Let's talk active dream control. This section is for lucid dreamers who understand how to become lucid - but find themselves flung into a strange and unpredictable dreamscape. You may feel you have very little dream control and this is totally normal for beginners. That's because the dreamworld obeys very different laws compared to physical reality.
In the waking world, if you want something to happen (like walk forward three steps) you simply will it to happen and your body does the rest. As long as it's within the realm of physical possibility, control of your waking reality is easy.
In a lucid dream, the rules are changed. You are suddenly in possession of a ghostly, ethereal body that can run through walls and travel through time. The dreamworld cares little for Einstein and Newton. The dreamworld is governed by your unconscious mind, and it is your task to work with it - not against it.
The following articles may sound utterly bizarre to non-lucid dreamers, but if you have any lucid dreams under your belt you will begin to understand the language of the unconscious mind. You'll learn how to tame its logic and how to control your dreams.
How to prolong lucid dreams and enhance the clarity and consciousness of your guided dream. Includes a range of very easy dream stabilizing techniques.
How to control your dreams with clarity. My own first-hand lucid dream research with advice on how to actively control and manipulate your lucid dreams.
Three ways to maintain dream control when you start to lose lucidity. Plus, why dream control isn't always what your unconscious dreaming self wants most.
Learn how to create dream characters in your lucid dreams. These six ways of summoning new characters will help you understand the nature of dream control.
Reframing is one of the most potent mind hack techniques for lucid dreaming. An excerpt from Daniel Love's excellent book Are You Dreaming?
Remember this scene in The Matrix? In the Jump program, Morpheus teaches Neo how to free his mind. The lucid dreamworld, too, demands this kind of mental reconditioning.
Setting a lucid dream intention means consciously planning an objective to fulfill to make your lucid dreams more rewarding. Find inspiration here...
Five lucid dream challenges for beginners: have flying dreams, taste delicious foods, run through walls, go star-gazing and talk to your unconscious mind...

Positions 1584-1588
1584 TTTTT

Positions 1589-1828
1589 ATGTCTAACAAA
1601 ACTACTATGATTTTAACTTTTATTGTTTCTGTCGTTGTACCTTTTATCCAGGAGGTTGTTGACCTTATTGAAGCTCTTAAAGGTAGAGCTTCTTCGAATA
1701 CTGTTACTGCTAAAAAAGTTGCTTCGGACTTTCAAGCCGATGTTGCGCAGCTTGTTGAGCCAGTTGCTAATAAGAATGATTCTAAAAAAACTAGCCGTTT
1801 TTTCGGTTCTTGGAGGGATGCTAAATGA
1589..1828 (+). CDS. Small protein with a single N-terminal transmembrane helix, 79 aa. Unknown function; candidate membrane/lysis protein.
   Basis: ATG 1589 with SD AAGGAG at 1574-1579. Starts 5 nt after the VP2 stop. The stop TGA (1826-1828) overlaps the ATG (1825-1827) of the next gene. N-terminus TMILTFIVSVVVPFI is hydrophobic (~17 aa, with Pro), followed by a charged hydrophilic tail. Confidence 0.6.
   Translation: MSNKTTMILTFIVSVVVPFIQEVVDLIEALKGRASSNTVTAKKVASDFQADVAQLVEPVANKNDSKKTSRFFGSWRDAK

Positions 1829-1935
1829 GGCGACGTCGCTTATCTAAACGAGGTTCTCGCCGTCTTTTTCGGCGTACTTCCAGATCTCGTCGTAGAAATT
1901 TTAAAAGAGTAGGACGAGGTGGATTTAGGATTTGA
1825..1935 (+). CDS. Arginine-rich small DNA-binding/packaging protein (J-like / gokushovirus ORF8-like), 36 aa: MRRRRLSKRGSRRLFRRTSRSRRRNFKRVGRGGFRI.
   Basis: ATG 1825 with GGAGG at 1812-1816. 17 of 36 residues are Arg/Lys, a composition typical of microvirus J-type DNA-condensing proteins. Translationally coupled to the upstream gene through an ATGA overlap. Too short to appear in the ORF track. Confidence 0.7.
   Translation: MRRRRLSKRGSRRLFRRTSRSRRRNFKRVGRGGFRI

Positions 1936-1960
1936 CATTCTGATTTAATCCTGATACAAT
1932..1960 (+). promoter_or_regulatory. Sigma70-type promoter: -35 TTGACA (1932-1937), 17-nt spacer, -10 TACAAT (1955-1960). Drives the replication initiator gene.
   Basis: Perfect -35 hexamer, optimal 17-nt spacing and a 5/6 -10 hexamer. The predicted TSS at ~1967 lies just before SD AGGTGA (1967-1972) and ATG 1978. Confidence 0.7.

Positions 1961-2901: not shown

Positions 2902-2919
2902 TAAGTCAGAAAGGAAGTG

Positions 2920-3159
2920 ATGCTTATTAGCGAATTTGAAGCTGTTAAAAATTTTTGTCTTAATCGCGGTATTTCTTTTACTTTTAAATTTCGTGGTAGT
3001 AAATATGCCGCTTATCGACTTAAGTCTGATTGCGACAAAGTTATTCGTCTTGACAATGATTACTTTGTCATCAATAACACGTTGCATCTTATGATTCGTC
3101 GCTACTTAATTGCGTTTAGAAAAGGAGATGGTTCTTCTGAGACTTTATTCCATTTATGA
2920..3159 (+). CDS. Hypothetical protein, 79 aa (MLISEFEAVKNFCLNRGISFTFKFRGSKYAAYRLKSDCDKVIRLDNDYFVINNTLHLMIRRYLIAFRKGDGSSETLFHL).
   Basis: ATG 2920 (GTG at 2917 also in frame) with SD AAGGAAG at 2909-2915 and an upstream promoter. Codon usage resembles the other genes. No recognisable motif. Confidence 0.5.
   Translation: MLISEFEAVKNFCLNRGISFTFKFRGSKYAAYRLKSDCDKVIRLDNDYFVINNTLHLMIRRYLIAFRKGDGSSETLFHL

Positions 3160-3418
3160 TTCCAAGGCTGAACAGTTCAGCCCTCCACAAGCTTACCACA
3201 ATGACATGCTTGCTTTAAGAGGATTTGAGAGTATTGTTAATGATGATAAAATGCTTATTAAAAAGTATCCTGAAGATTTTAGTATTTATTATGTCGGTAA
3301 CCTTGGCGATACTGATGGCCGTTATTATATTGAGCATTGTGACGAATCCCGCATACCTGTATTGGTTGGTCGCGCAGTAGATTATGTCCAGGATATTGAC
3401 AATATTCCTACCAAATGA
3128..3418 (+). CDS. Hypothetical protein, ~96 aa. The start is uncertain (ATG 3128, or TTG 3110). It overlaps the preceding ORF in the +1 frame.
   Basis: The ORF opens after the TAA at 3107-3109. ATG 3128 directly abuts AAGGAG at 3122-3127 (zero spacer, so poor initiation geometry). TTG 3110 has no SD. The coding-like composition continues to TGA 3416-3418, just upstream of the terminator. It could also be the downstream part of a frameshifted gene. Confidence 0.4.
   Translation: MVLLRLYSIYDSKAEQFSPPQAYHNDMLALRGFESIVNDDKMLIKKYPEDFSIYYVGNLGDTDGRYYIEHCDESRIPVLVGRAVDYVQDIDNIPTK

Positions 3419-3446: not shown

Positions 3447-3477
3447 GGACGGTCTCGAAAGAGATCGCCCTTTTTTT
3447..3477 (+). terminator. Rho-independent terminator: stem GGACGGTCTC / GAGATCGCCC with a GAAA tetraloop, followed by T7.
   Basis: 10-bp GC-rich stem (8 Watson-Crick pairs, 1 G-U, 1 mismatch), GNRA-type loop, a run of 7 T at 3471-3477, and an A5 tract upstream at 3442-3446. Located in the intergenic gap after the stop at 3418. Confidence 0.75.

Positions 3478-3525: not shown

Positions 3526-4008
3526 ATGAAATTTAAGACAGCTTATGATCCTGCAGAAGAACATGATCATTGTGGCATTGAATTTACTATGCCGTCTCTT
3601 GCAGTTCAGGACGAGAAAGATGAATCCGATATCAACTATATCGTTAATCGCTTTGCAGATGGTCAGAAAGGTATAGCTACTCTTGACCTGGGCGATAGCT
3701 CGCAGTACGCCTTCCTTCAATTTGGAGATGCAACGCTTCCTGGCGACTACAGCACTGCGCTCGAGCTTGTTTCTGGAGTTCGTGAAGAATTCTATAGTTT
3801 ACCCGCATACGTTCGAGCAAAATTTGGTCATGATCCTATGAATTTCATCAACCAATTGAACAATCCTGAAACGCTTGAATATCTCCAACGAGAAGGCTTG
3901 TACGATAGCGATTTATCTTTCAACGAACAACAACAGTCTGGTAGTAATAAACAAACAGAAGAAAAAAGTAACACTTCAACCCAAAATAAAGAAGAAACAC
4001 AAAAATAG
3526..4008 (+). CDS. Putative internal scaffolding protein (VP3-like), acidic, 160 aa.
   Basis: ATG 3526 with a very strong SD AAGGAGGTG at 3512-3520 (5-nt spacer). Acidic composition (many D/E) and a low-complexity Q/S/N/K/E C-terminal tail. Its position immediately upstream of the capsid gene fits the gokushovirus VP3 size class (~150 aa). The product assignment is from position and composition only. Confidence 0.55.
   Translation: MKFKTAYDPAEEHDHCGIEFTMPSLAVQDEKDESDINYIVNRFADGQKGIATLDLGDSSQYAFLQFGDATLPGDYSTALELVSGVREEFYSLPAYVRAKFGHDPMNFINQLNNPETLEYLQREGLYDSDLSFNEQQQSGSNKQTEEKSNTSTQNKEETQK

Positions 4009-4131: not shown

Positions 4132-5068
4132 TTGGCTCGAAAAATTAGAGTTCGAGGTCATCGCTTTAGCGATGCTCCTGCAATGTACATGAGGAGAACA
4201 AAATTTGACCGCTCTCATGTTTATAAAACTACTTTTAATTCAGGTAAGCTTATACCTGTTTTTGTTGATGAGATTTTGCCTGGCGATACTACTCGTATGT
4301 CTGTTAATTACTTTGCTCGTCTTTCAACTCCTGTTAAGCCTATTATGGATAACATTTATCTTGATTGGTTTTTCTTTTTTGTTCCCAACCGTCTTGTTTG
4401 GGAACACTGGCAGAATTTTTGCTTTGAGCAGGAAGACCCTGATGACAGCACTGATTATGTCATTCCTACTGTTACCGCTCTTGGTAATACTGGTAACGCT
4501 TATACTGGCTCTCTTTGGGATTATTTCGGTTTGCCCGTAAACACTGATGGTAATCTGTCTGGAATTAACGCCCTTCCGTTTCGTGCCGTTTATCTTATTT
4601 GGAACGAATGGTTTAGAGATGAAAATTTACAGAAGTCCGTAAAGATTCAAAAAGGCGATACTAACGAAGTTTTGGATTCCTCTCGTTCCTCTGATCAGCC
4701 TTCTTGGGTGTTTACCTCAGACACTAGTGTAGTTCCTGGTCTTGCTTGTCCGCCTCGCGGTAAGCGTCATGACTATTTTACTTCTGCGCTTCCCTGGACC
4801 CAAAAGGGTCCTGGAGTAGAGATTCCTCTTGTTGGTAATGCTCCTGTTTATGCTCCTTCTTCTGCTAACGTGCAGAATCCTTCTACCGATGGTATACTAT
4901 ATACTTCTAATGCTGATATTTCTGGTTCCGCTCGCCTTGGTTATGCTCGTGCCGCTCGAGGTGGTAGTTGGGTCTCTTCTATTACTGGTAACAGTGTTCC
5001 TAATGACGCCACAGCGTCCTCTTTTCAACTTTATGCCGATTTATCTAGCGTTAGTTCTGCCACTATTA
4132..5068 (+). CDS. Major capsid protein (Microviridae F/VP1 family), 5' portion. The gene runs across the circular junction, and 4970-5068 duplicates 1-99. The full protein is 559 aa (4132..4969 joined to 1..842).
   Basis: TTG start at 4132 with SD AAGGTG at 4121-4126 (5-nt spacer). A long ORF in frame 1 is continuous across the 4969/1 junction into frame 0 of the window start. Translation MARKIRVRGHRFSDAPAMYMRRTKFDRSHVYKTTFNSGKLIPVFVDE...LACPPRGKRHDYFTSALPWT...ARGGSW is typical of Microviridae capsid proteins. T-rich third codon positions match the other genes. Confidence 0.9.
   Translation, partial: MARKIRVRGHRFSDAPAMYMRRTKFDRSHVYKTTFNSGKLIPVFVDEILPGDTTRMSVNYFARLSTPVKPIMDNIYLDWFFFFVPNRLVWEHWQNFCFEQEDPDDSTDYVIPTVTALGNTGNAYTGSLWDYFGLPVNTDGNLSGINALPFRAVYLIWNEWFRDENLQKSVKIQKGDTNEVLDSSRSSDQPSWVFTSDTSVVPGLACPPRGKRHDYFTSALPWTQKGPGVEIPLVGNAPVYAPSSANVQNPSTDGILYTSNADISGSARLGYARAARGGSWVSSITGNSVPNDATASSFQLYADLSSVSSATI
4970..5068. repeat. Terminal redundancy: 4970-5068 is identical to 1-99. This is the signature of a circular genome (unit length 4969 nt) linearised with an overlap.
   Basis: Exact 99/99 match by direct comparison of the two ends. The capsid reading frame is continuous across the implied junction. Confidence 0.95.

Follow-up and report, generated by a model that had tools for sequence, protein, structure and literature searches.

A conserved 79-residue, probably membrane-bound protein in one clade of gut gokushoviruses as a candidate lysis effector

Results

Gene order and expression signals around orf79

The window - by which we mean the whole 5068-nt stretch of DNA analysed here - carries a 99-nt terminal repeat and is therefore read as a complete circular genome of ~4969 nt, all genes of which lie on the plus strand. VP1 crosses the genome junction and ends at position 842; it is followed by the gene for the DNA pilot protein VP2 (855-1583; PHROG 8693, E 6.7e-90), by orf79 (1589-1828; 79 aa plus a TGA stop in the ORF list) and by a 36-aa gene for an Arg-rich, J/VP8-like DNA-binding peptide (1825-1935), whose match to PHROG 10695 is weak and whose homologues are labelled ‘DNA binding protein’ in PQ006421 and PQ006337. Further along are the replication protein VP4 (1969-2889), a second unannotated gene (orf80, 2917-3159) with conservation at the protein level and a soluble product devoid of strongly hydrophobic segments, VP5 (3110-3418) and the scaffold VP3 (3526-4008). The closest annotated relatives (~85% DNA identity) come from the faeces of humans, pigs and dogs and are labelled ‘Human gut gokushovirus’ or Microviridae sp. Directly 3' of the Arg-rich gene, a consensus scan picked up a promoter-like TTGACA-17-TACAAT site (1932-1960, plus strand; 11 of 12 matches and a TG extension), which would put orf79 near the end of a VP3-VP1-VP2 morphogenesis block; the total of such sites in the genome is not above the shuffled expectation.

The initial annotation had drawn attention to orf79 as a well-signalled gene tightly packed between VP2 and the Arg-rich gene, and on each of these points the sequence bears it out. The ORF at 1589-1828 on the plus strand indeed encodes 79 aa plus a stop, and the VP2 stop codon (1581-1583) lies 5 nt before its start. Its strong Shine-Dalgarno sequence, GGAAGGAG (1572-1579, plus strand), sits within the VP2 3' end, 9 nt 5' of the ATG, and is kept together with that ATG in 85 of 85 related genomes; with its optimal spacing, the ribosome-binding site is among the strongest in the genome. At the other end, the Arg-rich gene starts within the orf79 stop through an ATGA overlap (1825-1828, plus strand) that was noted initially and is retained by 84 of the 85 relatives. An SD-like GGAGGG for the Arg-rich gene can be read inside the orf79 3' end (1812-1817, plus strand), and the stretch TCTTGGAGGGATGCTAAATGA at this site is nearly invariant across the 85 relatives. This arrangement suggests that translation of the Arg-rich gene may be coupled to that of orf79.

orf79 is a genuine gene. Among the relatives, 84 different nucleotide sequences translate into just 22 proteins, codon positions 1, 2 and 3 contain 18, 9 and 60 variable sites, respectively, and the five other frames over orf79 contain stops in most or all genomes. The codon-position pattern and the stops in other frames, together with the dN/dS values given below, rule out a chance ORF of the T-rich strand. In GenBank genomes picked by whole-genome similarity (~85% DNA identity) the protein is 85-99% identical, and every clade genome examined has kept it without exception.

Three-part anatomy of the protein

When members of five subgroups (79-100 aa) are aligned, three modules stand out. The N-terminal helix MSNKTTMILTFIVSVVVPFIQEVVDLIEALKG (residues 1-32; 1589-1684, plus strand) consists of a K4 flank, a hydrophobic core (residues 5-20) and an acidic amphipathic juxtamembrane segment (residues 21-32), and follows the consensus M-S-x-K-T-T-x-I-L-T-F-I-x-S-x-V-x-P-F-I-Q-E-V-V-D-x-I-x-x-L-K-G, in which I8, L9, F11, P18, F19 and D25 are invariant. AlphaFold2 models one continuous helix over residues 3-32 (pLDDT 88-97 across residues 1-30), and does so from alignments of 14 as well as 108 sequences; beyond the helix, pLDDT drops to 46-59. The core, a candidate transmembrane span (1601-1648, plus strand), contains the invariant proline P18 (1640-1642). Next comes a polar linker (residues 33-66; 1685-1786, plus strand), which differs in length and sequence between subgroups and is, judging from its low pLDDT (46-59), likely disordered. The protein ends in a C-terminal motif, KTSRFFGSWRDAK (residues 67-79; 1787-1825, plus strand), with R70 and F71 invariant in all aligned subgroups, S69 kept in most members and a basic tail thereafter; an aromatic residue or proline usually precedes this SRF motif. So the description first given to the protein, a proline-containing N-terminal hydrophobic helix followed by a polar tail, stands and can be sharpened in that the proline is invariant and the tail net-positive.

Tibetan Dream Yoga is a similar practice to lucid dreaming in the ancient philosophy of Tibetan Buddhism. Explore new depths to lucidity.
It's the number one goal for many - but is lucid dream sex all it's cracked up to be? How easy is it for beginners?
Find out what happens when you look at your reflection in a lucid dream mirror... And how to use dream mirrors as portals to alternate dimensions.
Ever wanted to master flying in your lucid dreams? Here's your step-by-step flight training - from bouncing in meadows to rocketing through outer space!
Many beginners want to have flying dreams - but flying in lucid dreams isn't always so intuitive. Here's how to soar like a superhero on your lucid quest.
Here's a good question. If a lucid dream is any dream in which you know you're dreaming, then why aren't we always lucid in dreams? Why doesn't it just become the default state of dreaming? Why do we accept our dreams of flying pigs and dinosaurs as an extension of waking life? What is the mechanism for defaulting to non-lucid dreams? Intriguingly, scientists have approached this question from three different angles./p>
What do blind people dream about? Can they "see" in their dreams? Take a look at scientific studies into the dreams of the blind, colorblind, and black-and-white dreamers. In 1999, dream researchers at the University of Hartford analyzed 372 dreams of 15 blind people. They found that both the congenitally blind and those who went blind before five years old did not have any visual dreams at all. That's because our dreams are made up of real world experiences and our innermost thoughts, anxieties and desires. So for someone who has never perceived images or light (or can't remember any) their dreams simply can't manifest visually.
Not long ago, scientists at Frankfurt University discovered how to produce lucid dreams with electronic stimulation. It was a world first. And - astonishingly - it worked in non-lucid dreamers 77% of the time. Now you can buy the same technology for yourself. The foc.us V2 - which delivers the proven optimum 40 Hz transcranial alternating current stimulation (tACS) - was originally developed to increase working memory in video gamers and improve sleep.
As technology continues to move us towards more immersive dreamlike experiences, one can only wonder what digital wonders lay just beyond the horizon of tomorrow. We may also question just how the future of virtual reality will impact the study and practice of lucid dreaming. Are we, perhaps, the last generation to whom lucid dreaming will maintain an appeal?
Jeremiah Morelli is a whimsical fantasy artist and visual storyteller. He places conceptual fairytale creatures in vivid dreamscapes to capture the imagination. He's also a school teacher, and amazingly finds the time and motivation to create this huge gallery of artwork. Such light and dark fairytale paintings make beautiful places to visit in your lucid dreams.
Experts agree that everyone is capable of having lucid dreams. Dreaming itself is a normal function of the mind. We all dream every night, even if we don't remember. And we all achieve conscious awareness while awake every single day. So what does it mean to combine these states? Why, the amazing ability to have conscious - or lucid - dreams. Sounds simple, doesn't it? So why do I keep hearing from people who say they can't achieve their first lucid dream?